Park Square Theatre describes Cardboard Piano as a powerful story that “examines the cost of intolerance as well as the human capacity for love and forgiveness.” Its arrival at Park Square for its Midwest premiere (January 19 to February 18) comes at a prescient time in the Twin Cities theatre scene, as changing demographics becomes a major driver for arts organizations to reexamine how they fit their communities. It also signals Park Square’s need and willingness to strive to serve a broader audience and offer a variety of viewpoints.

Cardboard Piano at Park Square Theatre in Saint Paul, MN - 2018 - Two hands claspingHow did a play by a South Korean playwright in America that’s set in Northern Uganda land in St. Paul, Minnesota? A contingent of diehard supporters of Park Square Theatre attended its debut at the 2016 Humana Festival of New American Plays in Louisville, Kentucky, and unanimously chose to bring Cardboard Piano to the Twin Cities.

Playwright Hansol Jung’s explanation about her play’s title itself captures how Cardboard Piano made its way to Park Square Theatre. According to Jung, “The title comes from a story told in the play. But it comes from a deeper idea of just the beauty of trying. When we do that we are usually wanting something in life that’s real and beautiful.” (Courier-Journal, March 18, 2016)

Artistic Director Richard Cook

Like the church that is the main setting for Cardboard Piano, Park Square Theatre was founded by white male visionaries to fulfill its mission “to enrich our community by producing and presenting exceptional live theatre that touches the heart, engages the mind, and delights the spirit.” Begun in 1975 at the Park Square Court Building in Lowertown and moving in 1997 to its present locale at the Historic Hamm Building in downtown Saint Paul, Park Square Theatre has traditionally served a predominantly white audience. Within the past decade, Artistic Director Richard Cook noticed the steadily growing diversity in Park Square’s  student audiences and understood its ramifications for the relevancy and viability of the organization into the future.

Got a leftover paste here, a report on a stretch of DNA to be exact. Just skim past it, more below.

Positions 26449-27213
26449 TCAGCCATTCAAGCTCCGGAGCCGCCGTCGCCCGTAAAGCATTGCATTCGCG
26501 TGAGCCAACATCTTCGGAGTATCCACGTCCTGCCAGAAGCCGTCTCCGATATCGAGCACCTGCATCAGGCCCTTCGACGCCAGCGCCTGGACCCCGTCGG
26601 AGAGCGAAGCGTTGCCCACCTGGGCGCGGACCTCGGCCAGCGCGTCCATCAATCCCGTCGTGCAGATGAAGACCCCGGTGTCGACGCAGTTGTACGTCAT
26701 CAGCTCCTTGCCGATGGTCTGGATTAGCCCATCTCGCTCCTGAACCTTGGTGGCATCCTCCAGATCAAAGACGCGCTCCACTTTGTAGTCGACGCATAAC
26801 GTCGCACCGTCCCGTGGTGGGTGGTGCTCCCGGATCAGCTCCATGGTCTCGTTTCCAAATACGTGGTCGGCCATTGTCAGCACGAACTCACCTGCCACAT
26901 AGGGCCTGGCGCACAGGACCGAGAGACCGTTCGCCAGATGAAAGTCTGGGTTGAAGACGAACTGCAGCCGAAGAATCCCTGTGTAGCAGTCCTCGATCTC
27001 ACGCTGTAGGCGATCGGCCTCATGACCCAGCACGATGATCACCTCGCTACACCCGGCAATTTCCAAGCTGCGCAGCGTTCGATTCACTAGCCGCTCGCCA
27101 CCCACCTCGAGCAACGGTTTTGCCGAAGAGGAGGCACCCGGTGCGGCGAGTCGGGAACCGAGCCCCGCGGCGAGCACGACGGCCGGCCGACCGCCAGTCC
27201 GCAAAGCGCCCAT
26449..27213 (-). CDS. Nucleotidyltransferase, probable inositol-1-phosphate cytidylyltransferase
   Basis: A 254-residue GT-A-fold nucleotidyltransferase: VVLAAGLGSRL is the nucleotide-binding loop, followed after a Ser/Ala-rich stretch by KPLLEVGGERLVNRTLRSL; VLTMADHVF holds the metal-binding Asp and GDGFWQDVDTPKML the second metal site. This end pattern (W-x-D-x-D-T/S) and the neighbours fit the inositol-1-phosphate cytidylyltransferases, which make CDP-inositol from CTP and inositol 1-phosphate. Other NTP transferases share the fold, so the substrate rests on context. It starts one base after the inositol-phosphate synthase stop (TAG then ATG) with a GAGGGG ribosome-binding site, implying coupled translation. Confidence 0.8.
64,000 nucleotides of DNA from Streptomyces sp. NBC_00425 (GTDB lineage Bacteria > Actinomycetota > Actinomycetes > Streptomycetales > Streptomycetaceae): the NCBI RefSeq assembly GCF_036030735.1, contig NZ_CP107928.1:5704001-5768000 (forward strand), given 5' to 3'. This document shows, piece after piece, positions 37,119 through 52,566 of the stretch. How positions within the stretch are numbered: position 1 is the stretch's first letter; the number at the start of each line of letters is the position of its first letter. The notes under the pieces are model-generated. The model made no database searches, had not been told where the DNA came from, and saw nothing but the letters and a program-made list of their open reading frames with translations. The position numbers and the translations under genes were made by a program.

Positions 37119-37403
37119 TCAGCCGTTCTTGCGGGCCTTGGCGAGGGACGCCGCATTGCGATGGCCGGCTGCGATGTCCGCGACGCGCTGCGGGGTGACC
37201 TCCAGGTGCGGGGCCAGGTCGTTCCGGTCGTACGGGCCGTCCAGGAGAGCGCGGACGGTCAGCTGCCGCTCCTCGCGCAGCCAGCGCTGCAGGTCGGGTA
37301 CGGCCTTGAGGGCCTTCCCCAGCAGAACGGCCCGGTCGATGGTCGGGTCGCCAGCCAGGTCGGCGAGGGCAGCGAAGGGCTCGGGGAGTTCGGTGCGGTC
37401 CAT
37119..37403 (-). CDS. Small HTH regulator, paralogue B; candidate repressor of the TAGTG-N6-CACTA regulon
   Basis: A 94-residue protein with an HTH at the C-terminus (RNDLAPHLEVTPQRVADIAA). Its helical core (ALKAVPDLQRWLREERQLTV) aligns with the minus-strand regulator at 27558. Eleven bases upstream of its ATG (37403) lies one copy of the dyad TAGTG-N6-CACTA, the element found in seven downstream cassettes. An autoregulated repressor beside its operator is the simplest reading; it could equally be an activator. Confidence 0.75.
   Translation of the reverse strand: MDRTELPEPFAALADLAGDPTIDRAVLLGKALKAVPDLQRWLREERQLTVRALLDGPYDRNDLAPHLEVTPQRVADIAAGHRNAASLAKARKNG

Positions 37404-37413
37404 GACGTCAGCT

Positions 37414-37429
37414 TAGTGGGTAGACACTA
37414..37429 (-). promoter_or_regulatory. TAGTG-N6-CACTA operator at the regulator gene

While student audiences at Park Square Theatre have grown in diversity, general audiences have not yet kept pace. But Park Square continues its commitment to broaden the scope of its repertoire of stories being told on stage with such offerings as Cardboard Piano, as well as to attract more POC artists into its fold to teach, advise and practice their art.

Jamil Jude

Key to accelerating this effort was Jamil Jude, a social justice-based artist who had moved to the Twin Cities in 2011 and is presently the Associate Artistic Director of True Colors Theatre Company in Atlanta, Georgia. From December 2015 to June 2017, with funding from a grant, Jude served as Park Square Theatre’s first Artistic Programming Associate, generously sharing his wide network of POC artists to bring fresh talent and ideas to the theatre. Amongst the artists whom Jude had brought to Cook’s attention was Signe V. Harriday, an artist based in Minnesota and New York, who was asked to direct last season’s production of The House on Mango Street and returns to direct Cardboard Piano.

Signe V. Harriday

“The play, at its core, is asking questions about big ideas,” said Harriday of Cardboard Piano. “My work is to create the experience and the audience’s to digest it in whatever way they choose.  But the danger with this play is that it may be easy for audiences to say ‘This is a Uganda issue. We don’t behave that way here.’ The issues raised in this beautiful piece, though, can force us to face our culpability and connection.”

How the global, national, local and personal all interconnect will be further driven home through Park Square Theatre’s partnership with the Center for Victims of Torture (CVT), an international nonprofit headquartered in Saint Paul, during the run of Cardboard Piano. The mutual benefit of “sharing the Square” with organizations for which the story of our plays connect with their missions originated with Jude as a creative means of community outreach.

As a community theatre with a social conscience, but staff and board members at different spectrums of cultural competency on issues of diversity, inclusion and equity, Park Square Theatre gamely paddles against strong social currents–both internal and external–with the hope of creating what will ultimately be real and beautiful.

 

Tickets and information for Cardboard Piano here